The candidate's overall career goal is to establish an independent research program devoted to investigating cellular mechanisms of proteinuric nephropathies, with an emphasis on diabetic nephropathy (DN). Currently, DN is the leading cause of end stage renal disease in the United States. Proteinuria is an independent risk factor critical to pathogenesis and progression of renal function loss. Regardless of disease origin, renal tubule function is critical to the progression of renal damage and development of renal failure. The precise molecular mechanisms and targets of proteinuria and hyperglycemia causing tubule damage in DN remain unclear. This emphasizes the health-related importance for discovery of novel regulatory events as potential therapeutic targets. The endoplasmic reticulum (ER) stress response induced by accumulation of misfolded proteins in the ER, is a mechanism elicited by cells to alleviate stress, through induction of specific genes. Unresolved ER stress response leads to ER stress-induced apoptosis. Initial studies from our laboratory demonstrate induction of ER stress and ER stress-induced apoptosis in tubules of proteinuric diabetic mice. This suggests the hypothesis that ER stress is pathogenic in renal tubule damage in DN. This project will define the role of proteinuria and hyperglycemia alone and in combination to tubule ER stress and apoptosis in a transgenic mouse model of type I diabetes. Next, cell signaling events mediating tubule ER stress and apoptosis induction in DN will be examined. To accomplish this, the candidate will be trained in development of speed congenic transgenic mice. In addition the candidate will be trained in protein purification, mass spectrometry and informatic techniques to define interactions in protein complexes mediating ER stress. Finally, the candidate will receive training in advanced molecular biology techniques to define the specific role of proteins involved in stress response to tubule cell function. The combination of training obtained during this award coupled to the identification of molecular events mediating tubule damage in DN, will enable the candidate with resources to continue and expand research pertaining to DN.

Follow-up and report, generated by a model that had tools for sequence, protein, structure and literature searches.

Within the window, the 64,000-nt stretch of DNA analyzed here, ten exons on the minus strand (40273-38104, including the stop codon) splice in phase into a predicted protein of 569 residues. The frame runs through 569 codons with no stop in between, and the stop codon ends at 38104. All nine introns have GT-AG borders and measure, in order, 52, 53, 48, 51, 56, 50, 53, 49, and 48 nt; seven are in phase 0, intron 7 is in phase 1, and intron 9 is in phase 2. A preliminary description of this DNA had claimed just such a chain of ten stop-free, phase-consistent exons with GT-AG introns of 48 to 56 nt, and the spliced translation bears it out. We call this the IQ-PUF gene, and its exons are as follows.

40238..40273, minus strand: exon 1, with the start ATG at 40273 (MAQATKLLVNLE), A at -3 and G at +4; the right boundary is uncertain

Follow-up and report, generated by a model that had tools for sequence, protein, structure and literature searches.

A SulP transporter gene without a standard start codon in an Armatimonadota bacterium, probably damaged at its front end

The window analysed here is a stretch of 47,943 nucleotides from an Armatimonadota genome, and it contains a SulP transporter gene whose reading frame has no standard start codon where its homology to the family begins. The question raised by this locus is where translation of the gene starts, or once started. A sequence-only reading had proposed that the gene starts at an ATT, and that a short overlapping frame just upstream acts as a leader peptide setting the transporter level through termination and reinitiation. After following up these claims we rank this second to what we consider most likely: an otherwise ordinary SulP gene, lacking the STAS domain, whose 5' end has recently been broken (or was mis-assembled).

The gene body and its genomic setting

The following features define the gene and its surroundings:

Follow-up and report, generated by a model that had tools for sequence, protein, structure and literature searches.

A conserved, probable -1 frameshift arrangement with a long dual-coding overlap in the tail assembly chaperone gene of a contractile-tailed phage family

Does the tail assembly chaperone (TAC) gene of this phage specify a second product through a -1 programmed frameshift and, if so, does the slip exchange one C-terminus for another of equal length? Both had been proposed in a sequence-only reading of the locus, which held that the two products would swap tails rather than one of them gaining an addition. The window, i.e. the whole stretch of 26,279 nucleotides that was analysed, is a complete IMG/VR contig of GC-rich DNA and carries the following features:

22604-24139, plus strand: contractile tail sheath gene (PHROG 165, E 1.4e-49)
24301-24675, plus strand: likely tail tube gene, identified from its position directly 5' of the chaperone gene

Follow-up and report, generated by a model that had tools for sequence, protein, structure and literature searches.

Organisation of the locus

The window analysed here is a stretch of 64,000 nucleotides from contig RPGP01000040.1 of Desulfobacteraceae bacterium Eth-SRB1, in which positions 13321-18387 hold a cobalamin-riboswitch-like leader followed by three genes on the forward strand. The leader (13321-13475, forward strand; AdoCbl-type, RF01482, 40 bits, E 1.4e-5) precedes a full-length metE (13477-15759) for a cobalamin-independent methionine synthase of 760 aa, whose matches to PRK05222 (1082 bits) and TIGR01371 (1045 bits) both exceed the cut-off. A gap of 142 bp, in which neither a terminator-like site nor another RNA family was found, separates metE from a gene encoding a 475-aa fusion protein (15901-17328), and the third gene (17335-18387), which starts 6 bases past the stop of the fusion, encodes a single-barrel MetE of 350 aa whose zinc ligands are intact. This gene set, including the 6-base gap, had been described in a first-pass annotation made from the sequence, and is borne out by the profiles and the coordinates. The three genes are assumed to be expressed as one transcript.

Currently, DN is the leading cause of end stage renal disease in the United States. Proteinuria is an independent risk factor critical to pathogenesis and progression of renal function loss. The precise molecular mechanisms and targets of proteinuria and hyperglycemia causing tubule damage in DN remain unclear. This emphasizes the importance for discovery of novel regulatory events as potential therapeutic targets.
|Barati, Michelle T; Gould, James C; Salyer, Sarah A et al. (2016) Influence of Acute High Glucose on Protein Abundance Changes in Murine Glomerular Mesangial Cells. J Diabetes Res 2016:3537863|
|Barati, Michelle T; Powell, David W; Kechavarzi, Bobak D et al. (2016) Differential expression of endoplasmic reticulum stress-response proteins in different renal tubule subtypes of OVE26 diabetic mice. Cell Stress Chaperones 21:155-66|
|Barati, Michelle T; Lukenbill, Janice; Wu, Rui et al. (2015) Cytoskeletal rearrangement and Src and PI-3K-dependent Akt activation control GABA(B)R-mediated chemotaxis. Cell Signal 27:1178-85|
|Rane, Madhavi J; Song, Ye; Jin, Shunying et al. (2010) Interplay between Akt and p38 MAPK pathways in the regulation of renal tubular cell apoptosis associated with diabetic nephropathy. Am J Physiol Renal Physiol 298:F49-61|
|Smith, Kimberly; Coston, Melinda; Glock, Kimberly et al. (2010) Patient perspectives on fluid management in chronic hemodialysis. J Ren Nutr 20:334-41|